Climate Report Card: Biden’s First 100 Days


by Ashira Morris, ODP Staff Writer

In the Biden administration’s first 100 days, the climate crisis and environmental issues have been at the forefront of the administration’s agenda. As Environment America writes in their progress report, “despite the need to rebuild many federal agencies and tackle the COVID-19 crisis, the Biden administration has already taken numerous steps to restore environmental protections.” Emerging from the Trump administration, some of that early focus has been on undoing past damage, including 

Forward-looking steps have been made as well, including an executive order to protect 30% of U.S. lands and waters by 2030 and introducing an infrastructure package that has climate at its core. This all tracks (and exceeds) closely to what PopSci speculated the administration could take on right after the election. 

Why This Matters: Tackling the climate crisis requires systems-level change and a realignment of governmental policy that facilitates it. In order to avoid the worst impact of climate change, the country needs to make big shifts, from eliminating fossil fuel emissions to building infrastructure that will withstand the climate changes already taking place. The Biden administration’s first 100 days has jump-started this work, from the recent pledge to cut U.S. greenhouse gas pollution by at least 50% by 2030 to appointing cabinet secretaries with strong environmental backgrounds. Now the next 1,360 days of the administration are an opportunity to continue to build on the momentum of the first 100.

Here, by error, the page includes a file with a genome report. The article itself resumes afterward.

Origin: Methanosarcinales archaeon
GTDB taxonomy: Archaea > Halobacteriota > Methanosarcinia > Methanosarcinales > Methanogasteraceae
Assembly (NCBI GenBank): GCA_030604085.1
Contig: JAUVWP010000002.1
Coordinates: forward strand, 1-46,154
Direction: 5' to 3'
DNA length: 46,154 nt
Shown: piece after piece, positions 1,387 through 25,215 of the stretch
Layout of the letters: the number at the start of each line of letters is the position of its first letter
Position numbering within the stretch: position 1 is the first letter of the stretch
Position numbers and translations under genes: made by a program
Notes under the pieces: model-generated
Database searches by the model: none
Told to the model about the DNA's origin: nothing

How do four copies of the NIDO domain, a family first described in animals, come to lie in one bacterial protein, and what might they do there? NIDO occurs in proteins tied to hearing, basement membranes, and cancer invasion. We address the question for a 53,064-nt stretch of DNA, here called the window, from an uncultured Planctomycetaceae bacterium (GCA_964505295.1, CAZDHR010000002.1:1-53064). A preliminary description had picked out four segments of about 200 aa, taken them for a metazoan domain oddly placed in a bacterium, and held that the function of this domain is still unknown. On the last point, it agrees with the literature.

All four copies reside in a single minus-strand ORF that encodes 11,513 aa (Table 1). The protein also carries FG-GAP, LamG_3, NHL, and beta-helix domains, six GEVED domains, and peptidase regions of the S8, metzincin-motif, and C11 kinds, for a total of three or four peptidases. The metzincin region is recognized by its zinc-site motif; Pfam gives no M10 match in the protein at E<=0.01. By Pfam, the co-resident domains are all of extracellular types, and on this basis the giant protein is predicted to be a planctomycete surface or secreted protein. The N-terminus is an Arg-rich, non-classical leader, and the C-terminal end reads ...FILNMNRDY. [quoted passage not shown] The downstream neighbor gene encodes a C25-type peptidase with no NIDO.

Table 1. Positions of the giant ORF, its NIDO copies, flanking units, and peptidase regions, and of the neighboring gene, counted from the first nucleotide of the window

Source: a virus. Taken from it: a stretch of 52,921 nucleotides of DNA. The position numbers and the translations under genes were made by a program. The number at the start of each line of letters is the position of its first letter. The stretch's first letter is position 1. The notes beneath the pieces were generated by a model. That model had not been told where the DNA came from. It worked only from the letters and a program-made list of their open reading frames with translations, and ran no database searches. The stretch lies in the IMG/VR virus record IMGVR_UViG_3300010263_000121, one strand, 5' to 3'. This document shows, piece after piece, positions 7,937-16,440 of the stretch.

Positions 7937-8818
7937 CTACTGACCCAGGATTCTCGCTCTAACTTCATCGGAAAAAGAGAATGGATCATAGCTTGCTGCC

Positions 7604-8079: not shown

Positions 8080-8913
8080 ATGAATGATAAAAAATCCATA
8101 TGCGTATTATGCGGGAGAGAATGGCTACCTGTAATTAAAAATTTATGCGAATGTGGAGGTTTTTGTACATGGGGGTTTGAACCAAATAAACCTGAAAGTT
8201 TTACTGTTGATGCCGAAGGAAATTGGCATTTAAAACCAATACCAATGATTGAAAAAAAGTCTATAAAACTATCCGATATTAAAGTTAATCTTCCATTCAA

Go Deeper: Checking on Promises

Graphic: Environment America


Both Environment America and the Wilderness Society released first 100 day progress reports. Some additional highlights:

Done

  • Freeze oil and gas leasing on public lands — Biden paused new leases just days after the inauguration. 
  • Elevate environmental justice as a priority across all federal agencies — Biden signed an executive order with this directive. 

In progress

  • Setting stronger fuel economy and emissions standards — the administration is undoing the Trump administration’s lower standards
  • Get lead out of drinking water — the infrastructure package includes calls for replacing all lead pipes, which requires approval by Congress

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